Many flaviviruses are significant human pathogens that cause global public health threats. Developing research tools for studying and diagnosing these pathogens is a top priority. Reporter flaviviruses are useful tools for studying viral pathogenesis, diagnosing disease, and screening antiviral compounds. However, the stability of reporter flaviviruses has been challenged by viral RNA recombination, leading to deletion of the engineered reporter gene during viral replication. The instability of reporter viruses has limited their application to research and countermeasure development. Thus, new approaches to overcome the instability of reporter flaviviruses are critically needed to advance the flavivirus field.
To create a stable flavivirus bearing a reporter gene, we engineered mutations in the viral capsid gene that are rendered virus-lethal upon recombination. Thus, only non-recombined reporter virus propagates. We tested this strategy using Zika virus (ZIKV) bearing a nano-luciferase (NanoLuc) gene and passaged both virus with capsid mutations and virus without mutations.
The recombination-dependent lethal mutations succeeded in stabilizing the NanoLuc ZIKV through ten passages, while WT reporter virus showed instability as early as five passages. The stability of NanoLuc ZIKV was supported by RT-PCR, sequencing, focus forming assay, and luciferase assay. The success of this method was reconfirmed by also establishing a stable NanoLuc Yellow Fever 17D virus, indicating that the recombination-dependent lethal approach can be applied to other flaviviruses. To demonstrate the utility of the stable reporter viruses, we showed that NanoLuc ZIKV and YFV17D could be used to measure neutralizing antibody titers with a turnaround time as short as four hours. Importantly, the neutralizing antibody titers derived from the reporter virus assay were equivalent to those derived from the conventional plaque assay, indicating the new assay maintains the gold standard of serology testing. Furthermore, using a known inhibitor, we showed that the reporter viruses could be reliably used for antiviral evaluation.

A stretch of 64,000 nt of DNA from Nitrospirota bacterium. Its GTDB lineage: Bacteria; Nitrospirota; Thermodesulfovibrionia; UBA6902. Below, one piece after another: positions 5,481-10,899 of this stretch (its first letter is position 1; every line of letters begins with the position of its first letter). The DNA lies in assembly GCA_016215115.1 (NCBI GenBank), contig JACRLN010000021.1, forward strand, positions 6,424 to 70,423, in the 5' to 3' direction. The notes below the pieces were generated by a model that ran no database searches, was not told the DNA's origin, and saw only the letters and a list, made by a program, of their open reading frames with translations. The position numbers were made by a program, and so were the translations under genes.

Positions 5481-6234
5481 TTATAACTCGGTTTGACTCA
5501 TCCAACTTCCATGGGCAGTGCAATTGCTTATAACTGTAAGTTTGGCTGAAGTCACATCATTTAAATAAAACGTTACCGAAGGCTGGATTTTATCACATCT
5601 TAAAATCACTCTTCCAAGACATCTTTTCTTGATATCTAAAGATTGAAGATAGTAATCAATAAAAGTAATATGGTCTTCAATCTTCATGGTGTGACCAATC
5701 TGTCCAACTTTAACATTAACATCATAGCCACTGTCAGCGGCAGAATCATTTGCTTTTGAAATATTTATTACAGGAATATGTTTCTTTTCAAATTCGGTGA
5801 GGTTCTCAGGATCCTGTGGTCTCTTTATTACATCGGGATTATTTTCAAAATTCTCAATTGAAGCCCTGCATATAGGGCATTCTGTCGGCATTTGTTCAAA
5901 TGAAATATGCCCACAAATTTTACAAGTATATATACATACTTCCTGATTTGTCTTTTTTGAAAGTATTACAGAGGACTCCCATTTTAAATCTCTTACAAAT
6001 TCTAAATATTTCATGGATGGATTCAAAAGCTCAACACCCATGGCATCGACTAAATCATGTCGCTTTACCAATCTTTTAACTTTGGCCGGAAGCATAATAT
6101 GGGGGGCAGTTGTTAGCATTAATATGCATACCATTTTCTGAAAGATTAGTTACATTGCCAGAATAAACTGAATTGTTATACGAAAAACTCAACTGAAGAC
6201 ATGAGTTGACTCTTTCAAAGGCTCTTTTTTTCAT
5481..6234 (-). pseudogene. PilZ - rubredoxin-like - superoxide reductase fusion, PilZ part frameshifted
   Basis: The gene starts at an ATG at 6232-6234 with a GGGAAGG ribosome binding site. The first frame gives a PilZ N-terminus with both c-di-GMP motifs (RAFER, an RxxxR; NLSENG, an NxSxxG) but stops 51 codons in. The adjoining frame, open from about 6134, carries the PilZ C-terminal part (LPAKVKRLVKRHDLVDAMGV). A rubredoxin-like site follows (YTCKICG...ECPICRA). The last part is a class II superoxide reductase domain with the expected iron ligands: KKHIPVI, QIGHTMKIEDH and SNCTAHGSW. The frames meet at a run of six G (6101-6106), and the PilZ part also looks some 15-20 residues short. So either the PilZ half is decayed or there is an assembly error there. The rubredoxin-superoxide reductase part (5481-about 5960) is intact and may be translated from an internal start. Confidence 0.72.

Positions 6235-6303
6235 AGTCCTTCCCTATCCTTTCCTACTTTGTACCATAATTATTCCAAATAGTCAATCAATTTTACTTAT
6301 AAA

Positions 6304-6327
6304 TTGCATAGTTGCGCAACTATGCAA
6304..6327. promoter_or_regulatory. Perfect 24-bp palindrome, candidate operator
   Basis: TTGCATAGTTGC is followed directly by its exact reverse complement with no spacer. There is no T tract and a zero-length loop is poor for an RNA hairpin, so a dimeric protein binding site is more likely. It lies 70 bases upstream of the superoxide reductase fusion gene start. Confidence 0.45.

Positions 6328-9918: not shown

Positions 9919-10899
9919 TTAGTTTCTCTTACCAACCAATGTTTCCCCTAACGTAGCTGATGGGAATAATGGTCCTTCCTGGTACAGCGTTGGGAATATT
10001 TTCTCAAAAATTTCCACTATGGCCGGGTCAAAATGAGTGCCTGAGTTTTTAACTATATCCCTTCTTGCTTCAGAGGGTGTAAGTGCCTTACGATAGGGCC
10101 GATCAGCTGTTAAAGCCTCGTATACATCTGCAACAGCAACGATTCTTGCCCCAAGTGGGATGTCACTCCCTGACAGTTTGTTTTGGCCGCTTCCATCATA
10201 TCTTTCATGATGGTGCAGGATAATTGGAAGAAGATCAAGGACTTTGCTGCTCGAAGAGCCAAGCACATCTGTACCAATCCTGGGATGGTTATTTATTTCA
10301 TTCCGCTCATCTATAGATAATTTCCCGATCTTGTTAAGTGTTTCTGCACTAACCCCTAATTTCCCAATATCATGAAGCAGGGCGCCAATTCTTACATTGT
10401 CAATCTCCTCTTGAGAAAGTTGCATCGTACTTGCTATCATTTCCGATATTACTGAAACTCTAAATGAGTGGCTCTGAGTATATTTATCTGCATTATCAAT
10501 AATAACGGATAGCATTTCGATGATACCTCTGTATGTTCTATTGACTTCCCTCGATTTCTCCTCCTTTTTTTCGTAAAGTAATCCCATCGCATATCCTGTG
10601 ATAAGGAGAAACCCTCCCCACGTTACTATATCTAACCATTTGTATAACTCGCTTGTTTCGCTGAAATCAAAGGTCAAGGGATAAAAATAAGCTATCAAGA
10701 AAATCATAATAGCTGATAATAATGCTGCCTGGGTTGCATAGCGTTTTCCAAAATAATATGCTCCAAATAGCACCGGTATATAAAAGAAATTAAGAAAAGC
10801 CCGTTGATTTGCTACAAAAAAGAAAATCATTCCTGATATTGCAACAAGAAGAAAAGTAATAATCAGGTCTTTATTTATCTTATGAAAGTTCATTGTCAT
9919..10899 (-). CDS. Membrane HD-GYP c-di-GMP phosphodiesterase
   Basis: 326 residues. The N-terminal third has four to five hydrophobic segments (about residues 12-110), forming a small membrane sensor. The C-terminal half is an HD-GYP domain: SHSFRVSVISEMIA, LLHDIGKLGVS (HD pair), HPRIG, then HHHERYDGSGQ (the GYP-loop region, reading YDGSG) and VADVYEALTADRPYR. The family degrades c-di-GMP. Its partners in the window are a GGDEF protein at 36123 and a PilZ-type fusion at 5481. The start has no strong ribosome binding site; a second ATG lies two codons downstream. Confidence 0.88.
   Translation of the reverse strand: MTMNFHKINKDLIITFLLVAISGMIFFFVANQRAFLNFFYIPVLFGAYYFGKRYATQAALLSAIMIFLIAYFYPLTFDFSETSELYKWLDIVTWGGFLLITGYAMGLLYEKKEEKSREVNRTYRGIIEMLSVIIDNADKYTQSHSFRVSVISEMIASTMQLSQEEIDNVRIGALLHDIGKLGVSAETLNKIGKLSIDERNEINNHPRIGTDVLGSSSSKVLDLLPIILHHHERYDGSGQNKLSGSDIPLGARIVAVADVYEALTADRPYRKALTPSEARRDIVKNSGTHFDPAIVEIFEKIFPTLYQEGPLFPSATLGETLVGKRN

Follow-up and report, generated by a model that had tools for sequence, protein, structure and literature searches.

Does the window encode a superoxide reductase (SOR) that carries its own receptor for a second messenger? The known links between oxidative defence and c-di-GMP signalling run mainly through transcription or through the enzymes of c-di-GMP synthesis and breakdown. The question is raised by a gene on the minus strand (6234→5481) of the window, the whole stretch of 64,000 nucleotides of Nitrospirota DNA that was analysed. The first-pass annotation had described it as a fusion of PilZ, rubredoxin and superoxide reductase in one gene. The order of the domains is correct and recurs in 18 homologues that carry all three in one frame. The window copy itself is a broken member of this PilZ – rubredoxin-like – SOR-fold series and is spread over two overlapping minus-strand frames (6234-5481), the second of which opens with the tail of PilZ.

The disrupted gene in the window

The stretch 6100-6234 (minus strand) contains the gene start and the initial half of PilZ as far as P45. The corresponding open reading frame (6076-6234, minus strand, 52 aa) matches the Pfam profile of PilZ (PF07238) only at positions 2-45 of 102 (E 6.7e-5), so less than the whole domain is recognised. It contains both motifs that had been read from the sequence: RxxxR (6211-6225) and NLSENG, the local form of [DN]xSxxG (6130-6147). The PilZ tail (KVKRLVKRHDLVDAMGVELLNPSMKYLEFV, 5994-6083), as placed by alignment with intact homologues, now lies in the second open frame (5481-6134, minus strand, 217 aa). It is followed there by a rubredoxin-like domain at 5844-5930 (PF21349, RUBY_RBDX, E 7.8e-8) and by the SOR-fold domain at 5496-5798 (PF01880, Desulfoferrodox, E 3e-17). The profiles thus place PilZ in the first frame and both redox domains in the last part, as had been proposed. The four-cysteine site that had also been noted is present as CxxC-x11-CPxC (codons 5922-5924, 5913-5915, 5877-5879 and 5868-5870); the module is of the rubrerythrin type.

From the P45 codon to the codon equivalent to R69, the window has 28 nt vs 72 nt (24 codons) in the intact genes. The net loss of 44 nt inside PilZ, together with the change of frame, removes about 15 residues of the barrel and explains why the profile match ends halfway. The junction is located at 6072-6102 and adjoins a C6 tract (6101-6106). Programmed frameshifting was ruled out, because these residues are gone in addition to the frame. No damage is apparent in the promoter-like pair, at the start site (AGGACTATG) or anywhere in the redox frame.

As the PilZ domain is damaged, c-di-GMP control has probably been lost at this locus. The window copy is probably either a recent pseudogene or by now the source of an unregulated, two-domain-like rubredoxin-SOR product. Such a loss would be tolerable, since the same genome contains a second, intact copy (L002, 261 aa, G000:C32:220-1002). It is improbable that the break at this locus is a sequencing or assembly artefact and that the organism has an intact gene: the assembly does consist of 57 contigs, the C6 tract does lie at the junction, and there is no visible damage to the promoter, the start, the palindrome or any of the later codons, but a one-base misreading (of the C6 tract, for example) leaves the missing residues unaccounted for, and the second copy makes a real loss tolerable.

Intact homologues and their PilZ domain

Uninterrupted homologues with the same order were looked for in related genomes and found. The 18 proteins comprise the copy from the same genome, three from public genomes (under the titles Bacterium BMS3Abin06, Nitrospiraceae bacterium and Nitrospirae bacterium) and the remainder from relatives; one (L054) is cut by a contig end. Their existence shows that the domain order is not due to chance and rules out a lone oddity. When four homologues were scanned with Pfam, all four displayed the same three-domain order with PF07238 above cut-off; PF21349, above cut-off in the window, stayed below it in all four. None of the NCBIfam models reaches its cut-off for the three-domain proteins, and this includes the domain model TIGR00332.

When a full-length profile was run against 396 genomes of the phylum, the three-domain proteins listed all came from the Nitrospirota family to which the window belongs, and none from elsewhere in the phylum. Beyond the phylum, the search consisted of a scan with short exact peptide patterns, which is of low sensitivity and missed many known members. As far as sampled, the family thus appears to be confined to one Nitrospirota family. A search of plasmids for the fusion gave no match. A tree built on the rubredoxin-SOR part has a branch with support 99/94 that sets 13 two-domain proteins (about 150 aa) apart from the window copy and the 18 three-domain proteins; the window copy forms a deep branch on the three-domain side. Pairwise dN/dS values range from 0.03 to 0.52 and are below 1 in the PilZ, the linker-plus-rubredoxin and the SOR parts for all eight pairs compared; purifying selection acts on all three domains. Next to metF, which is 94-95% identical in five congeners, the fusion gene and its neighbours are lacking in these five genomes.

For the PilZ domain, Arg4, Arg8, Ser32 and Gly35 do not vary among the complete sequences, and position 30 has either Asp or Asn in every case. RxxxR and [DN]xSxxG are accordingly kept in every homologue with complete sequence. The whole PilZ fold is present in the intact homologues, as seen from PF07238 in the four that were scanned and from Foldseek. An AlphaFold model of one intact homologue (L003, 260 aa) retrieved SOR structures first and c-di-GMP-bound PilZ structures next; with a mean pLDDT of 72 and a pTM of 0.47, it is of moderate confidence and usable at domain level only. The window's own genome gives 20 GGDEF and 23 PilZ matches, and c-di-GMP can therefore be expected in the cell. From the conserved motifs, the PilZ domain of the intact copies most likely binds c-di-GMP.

The study has developed a recombination-dependent lethal approach to produce stable reporter flaviviruses that may be used for rapid serodiagnosis, trans-gene delivery, vaccine evaluation, and antiviral discovery.
National Institute of Health, Robert J. Kleberg, Jr. and Helen C. Kleberg Foundation; John S. Dunn Foundation; Amon G. Carter Foundation; Gillson Longenbaugh Foundation; Summerfield G. Roberts Foundation.

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